There were more people working in person at offices than at any point since the pandemic started in October, although the rate of return has slowed in the US compared to the rate of return in September.
Image: Robin

Foot traffic in American workplaces jumped 19% in October, according to Robin’s latest Return to Office report for October. There were more people in the office last month than at any time since the pandemic started. Companies in New York City and Boston are bringing people back the fastest with a 22% increase and 34% increase respectively.

Conference rooms were busier as well with a 6% increase in bookings, according to the report. The return rate has slowed slightly since September which was 26% in the US. The report also found that Monday was the least popular day to work in the office.

Robin predicts a drop in foot traffic in November and December in the U.S., due to the upcoming holidays. There were fewer people in the office in August, which Robin attributes to end-of-summer vacation plans.

SEE: Wellness at work: How to support your team’s mental health (free PDF) (TechRepublic)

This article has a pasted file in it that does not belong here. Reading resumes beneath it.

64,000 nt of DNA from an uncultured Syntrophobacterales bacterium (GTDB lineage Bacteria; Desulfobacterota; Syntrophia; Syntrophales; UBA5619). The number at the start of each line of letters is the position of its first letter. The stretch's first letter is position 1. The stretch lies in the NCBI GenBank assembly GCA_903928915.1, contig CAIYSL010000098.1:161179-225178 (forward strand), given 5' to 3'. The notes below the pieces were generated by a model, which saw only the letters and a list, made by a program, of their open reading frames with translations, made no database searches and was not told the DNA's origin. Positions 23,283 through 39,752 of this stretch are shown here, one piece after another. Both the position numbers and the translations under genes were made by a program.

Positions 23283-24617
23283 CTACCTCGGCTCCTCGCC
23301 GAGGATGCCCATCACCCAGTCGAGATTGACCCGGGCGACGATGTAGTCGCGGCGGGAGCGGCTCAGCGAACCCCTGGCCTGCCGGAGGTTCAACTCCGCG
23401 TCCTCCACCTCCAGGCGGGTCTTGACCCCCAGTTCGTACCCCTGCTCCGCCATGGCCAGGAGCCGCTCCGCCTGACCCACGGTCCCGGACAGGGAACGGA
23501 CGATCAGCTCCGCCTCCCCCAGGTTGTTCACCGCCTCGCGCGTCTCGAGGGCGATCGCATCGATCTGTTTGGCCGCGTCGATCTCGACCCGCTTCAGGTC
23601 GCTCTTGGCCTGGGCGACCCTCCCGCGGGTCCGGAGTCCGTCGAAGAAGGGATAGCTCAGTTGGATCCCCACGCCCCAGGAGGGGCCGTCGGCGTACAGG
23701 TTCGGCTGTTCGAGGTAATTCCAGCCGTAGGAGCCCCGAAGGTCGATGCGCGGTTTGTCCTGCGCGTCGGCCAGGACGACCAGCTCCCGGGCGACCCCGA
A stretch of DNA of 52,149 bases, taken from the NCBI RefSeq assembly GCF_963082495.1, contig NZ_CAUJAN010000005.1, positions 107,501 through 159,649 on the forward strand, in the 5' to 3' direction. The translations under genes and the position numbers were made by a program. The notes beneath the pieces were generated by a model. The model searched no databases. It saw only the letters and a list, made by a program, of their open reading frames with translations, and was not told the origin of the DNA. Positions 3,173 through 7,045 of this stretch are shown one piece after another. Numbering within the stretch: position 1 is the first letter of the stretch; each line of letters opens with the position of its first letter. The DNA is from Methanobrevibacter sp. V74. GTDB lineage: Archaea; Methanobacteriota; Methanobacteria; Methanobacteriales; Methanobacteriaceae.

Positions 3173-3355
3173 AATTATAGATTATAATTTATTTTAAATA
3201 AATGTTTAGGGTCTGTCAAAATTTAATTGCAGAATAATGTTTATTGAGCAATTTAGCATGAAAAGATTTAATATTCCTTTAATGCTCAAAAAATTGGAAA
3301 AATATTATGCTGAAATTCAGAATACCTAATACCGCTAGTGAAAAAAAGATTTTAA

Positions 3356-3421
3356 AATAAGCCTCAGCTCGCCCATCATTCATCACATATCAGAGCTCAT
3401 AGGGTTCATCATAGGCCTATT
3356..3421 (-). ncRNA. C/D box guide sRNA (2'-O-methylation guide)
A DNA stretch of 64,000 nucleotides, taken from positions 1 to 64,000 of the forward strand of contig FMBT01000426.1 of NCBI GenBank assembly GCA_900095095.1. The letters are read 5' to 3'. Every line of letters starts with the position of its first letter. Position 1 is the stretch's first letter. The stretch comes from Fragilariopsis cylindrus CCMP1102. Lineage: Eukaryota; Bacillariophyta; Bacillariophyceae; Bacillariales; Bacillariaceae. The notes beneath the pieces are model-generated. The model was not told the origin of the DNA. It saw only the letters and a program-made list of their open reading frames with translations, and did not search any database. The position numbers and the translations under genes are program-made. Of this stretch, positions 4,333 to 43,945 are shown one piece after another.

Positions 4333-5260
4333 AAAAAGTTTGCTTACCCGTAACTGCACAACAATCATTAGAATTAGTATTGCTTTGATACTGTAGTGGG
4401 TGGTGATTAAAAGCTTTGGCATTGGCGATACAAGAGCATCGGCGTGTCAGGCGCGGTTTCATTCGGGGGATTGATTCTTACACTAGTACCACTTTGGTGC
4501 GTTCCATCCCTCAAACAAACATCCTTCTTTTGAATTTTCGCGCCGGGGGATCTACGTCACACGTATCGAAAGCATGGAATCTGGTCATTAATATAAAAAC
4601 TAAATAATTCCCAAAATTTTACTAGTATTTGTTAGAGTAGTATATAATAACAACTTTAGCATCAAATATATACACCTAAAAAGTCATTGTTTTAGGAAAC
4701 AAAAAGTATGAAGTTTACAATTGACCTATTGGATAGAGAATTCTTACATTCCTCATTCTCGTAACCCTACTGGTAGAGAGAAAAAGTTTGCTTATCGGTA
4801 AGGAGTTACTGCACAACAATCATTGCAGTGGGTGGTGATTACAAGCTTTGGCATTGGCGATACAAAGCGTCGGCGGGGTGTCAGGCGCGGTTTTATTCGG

Industry RTO trends continued to fluctuate with media and telecom companies more than doubling the number of employees in the office in October. In the real estate companies, there was a drop of 15% in the average number of people returning. Healthcare also saw a drop with 50% of employees spending only one day per month in the office. Robin suggests this may be due to the expansion of vaccine mandates and increasing burnout among healthcare workers.

The report also found that employees in Europe spent an average of 5.5 days in the office per month, which is higher than the global average. More workers in Australia and New Zealand were back in person with their colleagues with a 12% increase in capacity.

Despite this increase in foot traffic, the Great Resignation is still a force in the marketplace, according to a new Qualtrics survey. The third annual Employee Experience Trends Report for 2022 found that women in middle management jobs are three times more likely to find a new job.

Among middle managers, 69% intend to stick with their current job over the next few years, down from 83% in 2021. There is also still a significant group of people (35%) who will find a new job if they have to work full-time in the office.

Another recent survey found that 83% of IT leaders believe the hybrid workforce is a permanent part of the workforce. According to a survey of 1,500 IT and business leaders from Riverbed and Aternity, 83% believe that at least 25% of their workplace will remain hybrid post-pandemic, up from only 30% in 2020. Forty-two percent think that the majority of the workplace will be hybrid after COVID-19.

IT leaders see the hybrid model as an important tool to attract talent and remain competitive. A large majority of survey respondents think this work model will have a positive impact on society.